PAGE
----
We hope to install at least two trail cameras to overwinter at the site. Obviously the more cameras the better. The roads to the site are closed for eight months out of the year, from October to Memorial Day. The cameras need to be of high quality and have great battery life. Most cameras with modern batteries last about two-three months in the field before the battery voltage drops too low to function. The solution to this common problem has been to install external sealed battery packs to supply the necessary voltage to maintain the cameras for longer periods of time. The downside of this method is that the packs and battery leads are subject to damage by bears and the elements. Recently modern cameras have been developed to utilize modern lithium batteries internally to extend battery life to one year. These cameras are fairly cheap and available on the consumer market, costing substantially less than the more expensive professional models used for law-enforcement, which can run more than $800 per unit.

    After operating many different camera types and brands we have noticed that the Bushnell Trophy Cam would be the perfect candidate for this project. Details and technical specifications can been seen at their website We employ a number of these cameras in our research and we find they are the most reliable and efficient camera on the market. After researching several similar elusive animal survey projects we have found that it is also the preferred field-tested camera of wildlife biologists. They are easy to set up and maintain, and have a proven track record of reliability. The new models are capable of up to one year of operation with modern energizer lithium batteries.

    What we need...
    In order to get a good view of animals migrating through the creek bed we need at least two cameras and hardware. currently offers the Trophy Cam HD Max Black for $210.70, which seems to be the best price. We will also need to get mounting hardware, memory cards, and batteries. Any additional funds received will go toward purchasing more cameras. Obviously the more cameras we put in the field the more complete the study will be. Any left over donations not amounting to enough to purchase an entire camera will go toward fuel to visit the site. A detailed expense report and receipts will be published at the time of purchases. Of course the prices and availability of the cameras are subject to change during the course of this campaign and any additional costs or equipment will be explained in a detailed expense report. Below is a basic run-down of the current costs of the equipment.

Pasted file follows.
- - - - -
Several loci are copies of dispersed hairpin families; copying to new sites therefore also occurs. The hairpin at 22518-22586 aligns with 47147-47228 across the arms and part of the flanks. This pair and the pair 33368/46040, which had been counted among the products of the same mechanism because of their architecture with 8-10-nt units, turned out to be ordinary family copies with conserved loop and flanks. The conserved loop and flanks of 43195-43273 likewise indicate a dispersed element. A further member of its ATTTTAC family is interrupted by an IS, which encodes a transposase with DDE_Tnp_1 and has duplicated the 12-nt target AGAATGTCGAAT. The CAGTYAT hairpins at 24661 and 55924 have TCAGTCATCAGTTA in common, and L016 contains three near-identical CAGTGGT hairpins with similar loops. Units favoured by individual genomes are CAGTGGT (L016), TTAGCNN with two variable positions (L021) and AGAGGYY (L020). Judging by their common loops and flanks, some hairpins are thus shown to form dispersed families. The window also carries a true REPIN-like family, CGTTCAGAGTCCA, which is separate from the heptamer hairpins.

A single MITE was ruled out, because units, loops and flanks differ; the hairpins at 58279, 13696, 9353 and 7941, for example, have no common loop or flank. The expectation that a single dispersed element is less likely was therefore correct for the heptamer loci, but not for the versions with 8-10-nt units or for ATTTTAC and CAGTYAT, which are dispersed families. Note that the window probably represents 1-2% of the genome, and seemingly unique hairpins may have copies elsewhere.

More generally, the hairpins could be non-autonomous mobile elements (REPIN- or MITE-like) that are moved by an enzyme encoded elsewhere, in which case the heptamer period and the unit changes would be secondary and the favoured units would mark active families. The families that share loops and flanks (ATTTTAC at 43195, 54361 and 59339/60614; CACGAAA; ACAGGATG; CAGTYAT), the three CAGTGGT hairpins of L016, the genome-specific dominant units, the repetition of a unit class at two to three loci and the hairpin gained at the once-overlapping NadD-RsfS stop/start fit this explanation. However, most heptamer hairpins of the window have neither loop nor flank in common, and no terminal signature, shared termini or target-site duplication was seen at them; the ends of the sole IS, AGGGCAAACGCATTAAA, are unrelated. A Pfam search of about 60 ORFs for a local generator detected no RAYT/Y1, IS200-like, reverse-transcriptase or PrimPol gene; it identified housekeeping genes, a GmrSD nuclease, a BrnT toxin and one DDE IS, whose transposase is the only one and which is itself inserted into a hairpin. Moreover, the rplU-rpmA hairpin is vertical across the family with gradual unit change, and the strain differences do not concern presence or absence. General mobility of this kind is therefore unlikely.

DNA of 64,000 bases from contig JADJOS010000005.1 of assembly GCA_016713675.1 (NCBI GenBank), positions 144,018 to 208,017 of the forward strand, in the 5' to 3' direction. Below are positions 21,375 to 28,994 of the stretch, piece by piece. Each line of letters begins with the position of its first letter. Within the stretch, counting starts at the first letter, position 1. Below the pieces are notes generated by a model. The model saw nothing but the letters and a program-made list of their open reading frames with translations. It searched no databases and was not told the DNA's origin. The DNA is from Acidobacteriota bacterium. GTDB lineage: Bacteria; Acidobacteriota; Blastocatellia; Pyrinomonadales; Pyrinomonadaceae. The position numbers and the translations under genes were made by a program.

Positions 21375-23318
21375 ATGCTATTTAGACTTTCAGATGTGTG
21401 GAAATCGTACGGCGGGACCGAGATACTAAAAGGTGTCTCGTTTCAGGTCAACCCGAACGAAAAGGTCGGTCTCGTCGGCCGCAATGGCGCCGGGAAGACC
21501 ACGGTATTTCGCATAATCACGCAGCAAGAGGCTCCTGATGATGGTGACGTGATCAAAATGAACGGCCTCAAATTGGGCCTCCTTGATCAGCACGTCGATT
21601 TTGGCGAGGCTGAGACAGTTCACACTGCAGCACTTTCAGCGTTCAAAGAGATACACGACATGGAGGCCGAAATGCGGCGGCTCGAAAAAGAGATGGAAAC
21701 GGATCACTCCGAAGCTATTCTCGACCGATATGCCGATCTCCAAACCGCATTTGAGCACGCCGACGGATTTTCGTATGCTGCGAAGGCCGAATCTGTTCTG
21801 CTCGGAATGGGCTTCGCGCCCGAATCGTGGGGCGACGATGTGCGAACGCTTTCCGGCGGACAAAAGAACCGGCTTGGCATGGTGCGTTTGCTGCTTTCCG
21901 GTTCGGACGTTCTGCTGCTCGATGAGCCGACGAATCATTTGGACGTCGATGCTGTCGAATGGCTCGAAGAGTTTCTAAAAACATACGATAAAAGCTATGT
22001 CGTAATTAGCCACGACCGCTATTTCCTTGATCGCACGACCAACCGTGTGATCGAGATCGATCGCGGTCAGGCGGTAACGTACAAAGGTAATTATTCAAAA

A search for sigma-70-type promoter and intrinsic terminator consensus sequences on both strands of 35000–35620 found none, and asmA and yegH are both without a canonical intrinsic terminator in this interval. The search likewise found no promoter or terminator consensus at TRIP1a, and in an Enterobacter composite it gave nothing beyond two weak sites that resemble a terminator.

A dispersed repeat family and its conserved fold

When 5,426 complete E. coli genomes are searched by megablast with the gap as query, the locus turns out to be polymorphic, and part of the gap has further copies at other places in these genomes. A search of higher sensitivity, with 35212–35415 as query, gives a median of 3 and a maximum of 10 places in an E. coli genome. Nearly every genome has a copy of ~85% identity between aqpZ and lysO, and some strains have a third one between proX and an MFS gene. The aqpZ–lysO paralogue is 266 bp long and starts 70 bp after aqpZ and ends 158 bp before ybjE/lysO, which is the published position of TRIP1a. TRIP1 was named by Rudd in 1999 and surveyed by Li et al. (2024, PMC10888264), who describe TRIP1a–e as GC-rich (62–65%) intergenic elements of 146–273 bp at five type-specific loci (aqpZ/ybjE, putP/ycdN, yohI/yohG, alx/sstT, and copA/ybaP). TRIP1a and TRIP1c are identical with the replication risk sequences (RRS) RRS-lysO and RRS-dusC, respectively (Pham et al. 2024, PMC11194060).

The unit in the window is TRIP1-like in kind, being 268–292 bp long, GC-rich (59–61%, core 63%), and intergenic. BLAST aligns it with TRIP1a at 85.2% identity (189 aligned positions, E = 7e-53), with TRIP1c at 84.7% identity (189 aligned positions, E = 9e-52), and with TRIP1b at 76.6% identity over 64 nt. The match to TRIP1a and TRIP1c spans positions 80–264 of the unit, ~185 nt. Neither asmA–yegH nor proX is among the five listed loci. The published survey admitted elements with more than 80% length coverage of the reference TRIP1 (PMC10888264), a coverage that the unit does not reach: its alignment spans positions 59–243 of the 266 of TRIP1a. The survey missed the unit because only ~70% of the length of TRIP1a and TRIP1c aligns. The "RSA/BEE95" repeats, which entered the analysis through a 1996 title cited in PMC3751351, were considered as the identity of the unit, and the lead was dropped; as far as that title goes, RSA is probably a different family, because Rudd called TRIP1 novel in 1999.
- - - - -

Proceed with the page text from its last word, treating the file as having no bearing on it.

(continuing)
Camera $210.70
    Bear Safe $29.16
    32gb Memory Card $19.58
    12 lithium batteries $20.12

    Total per camera $279.56
    Two cameras $559.12

    4% Indiegogo fee $22.36

    Grand Total $581.48

    Contributors making sizable donations covering whole units will have the option of receiving the used camera unit after this coming winter of 2012-2013. It is however encouraged that you contribute the camera to next year’s project. We will ship the camera to you after June 2013 when I retrieve the cameras. Any leftover cameras and materials will be put to use for the next overwinter season. There is of course the possibility that the camera will be damaged or stolen during the course of it’s use. This is unlikely due to the remoteness of the area and the roads being closed for the duration of the winter.

    All contributors will have their name cited in the accompanying summary paper of the project. If you wish to remain anonymous please indicate so in a private message.